Your work puts food on the table, lets you pay your rent or mortgage, buys you your necessities, and gets you things that you’ve saved up for. Going through the daily motions of doing what’s on schedule and ending the day to go home and recharge for another day of work can fill you with either excitement or dread. Just how do you know when you’re still happy and productive? How can you tell that it’s time to start doing something else? Well, career books will show you a lot of different signs, but in the end, experts tend to agree on the following indication when the time is right to shift in another direction.
“It doesn’t matter where you are, you are nowhere compared to where you can go.” —Bob Proctor
You reach a stage where you feel that your pay no matter how sufficient, no longer gives you satisfaction.
You do your job well and get paid just right (or more than enough), but when you search your feelings, you realize that there’s something lacking that you just couldn’t put your finger on. Once you reach this stage, you can re-assess your priorities and make an inventory of your skills and abilities. Chances are, you’d discover that you can do much more with the potential of earning just a bit more.
You feel tired and stressed out even on your rest days
Even after unwinding with friends or soaking yourself up in a nice, warm bath, you feel your tiredness disappear momentarily but soon keeps creeping back before hitting the sack. The exhaustion is not merely mental and emotional, but if left unchecked, could affect your body physically — hyperacidity, tension headaches, muscle soreness, dandruff episodes, and the list goes on. No matter how professionally and financially fulfilling your work is, know your limits and when to say stop.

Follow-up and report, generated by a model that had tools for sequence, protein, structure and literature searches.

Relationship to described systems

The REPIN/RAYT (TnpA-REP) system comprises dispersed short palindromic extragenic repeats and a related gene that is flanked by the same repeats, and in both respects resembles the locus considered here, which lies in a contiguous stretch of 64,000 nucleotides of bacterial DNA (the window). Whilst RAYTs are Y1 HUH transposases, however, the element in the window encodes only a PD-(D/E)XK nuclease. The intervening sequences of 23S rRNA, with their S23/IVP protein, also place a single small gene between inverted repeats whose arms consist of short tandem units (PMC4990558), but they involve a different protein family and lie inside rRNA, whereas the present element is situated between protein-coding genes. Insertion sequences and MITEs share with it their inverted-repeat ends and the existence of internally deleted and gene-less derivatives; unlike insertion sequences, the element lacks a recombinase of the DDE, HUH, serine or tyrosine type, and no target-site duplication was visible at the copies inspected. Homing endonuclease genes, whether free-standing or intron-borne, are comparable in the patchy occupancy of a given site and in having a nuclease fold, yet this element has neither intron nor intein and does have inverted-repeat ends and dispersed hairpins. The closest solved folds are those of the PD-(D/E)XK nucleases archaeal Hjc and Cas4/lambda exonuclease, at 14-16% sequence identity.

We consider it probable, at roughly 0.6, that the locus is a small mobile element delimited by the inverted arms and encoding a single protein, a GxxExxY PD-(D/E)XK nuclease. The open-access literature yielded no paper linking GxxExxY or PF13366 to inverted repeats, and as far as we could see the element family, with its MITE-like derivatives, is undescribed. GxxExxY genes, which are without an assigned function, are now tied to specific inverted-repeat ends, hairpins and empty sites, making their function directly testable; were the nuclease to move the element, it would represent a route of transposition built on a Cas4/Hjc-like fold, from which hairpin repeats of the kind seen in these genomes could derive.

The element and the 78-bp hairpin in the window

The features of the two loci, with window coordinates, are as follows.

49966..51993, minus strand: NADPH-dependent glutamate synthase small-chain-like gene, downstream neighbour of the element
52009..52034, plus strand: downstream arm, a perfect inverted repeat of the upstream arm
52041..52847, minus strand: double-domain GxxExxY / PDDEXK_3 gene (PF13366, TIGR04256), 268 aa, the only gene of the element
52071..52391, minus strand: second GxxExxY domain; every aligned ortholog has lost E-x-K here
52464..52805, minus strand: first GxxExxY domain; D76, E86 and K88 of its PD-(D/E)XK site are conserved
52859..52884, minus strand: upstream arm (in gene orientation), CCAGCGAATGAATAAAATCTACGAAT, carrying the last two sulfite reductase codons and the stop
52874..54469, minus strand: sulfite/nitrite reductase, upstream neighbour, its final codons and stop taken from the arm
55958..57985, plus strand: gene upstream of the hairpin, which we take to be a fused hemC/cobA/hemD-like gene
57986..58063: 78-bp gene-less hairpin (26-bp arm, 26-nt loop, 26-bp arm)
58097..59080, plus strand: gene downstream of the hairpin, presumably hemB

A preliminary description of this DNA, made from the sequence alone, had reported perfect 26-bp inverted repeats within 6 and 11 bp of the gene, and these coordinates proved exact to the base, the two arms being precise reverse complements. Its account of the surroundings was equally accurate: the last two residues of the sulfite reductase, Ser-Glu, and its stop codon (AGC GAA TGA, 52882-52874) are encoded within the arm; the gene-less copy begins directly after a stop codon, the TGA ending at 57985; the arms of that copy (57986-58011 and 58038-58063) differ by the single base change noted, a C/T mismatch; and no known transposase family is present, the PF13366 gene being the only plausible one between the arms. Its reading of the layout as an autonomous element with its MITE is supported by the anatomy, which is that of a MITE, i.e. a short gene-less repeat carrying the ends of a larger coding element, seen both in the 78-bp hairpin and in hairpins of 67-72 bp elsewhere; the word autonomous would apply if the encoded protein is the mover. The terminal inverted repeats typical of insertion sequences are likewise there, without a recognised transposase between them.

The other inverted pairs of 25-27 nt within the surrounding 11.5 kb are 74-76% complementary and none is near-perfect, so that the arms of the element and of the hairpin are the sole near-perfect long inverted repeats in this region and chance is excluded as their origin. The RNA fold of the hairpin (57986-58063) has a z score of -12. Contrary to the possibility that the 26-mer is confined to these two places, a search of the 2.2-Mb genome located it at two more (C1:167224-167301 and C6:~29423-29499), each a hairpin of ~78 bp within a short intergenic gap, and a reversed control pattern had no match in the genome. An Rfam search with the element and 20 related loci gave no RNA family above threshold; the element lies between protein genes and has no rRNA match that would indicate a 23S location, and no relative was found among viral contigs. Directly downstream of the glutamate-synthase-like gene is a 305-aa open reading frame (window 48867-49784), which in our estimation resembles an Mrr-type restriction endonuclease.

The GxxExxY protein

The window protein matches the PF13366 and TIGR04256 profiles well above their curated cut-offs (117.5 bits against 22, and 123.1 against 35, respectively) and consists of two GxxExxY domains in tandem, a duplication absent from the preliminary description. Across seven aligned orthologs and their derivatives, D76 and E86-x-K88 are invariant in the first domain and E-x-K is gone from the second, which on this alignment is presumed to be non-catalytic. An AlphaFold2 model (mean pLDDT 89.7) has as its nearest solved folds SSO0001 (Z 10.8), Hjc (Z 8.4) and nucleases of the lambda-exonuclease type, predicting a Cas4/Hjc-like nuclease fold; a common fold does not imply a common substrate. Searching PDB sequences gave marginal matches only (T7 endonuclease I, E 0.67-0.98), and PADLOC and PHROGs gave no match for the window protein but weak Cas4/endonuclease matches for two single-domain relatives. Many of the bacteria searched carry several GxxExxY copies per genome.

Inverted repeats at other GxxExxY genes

You have that nagging voice telling you that you should be somewhere else doing something else.
Every person has both God-given and self-developed talents. You use your skills and talents to do your job, and you get rewarded in return. But more often than not, a person would get to that point where he’d ask himself, “Is this still what I want to do in the coming months/years?” “Can I do something better?” Sure, there are complacent people who may refuse to change their path because they’re scared of what’s out there, but those who care enough to venture into the unknown could very well be on the road to greater opportunities.
You realize that your skills, abilities, and tasks are not you at all.
Could be that you are really great at what you do, but deep down, you’re scared stiff and experience a lot of tension each time you put your skills to work. You don’t want people to know that you struggle to keep it together because after all, you get things done and people look up to you. So what if you see yourself in this dilemma?
There’s still a way out through exploring and identifying the areas that you’re good at and start capitalizing on these alone. Stay away from work that could bring out only the worst in you because your talents are not cut out for it.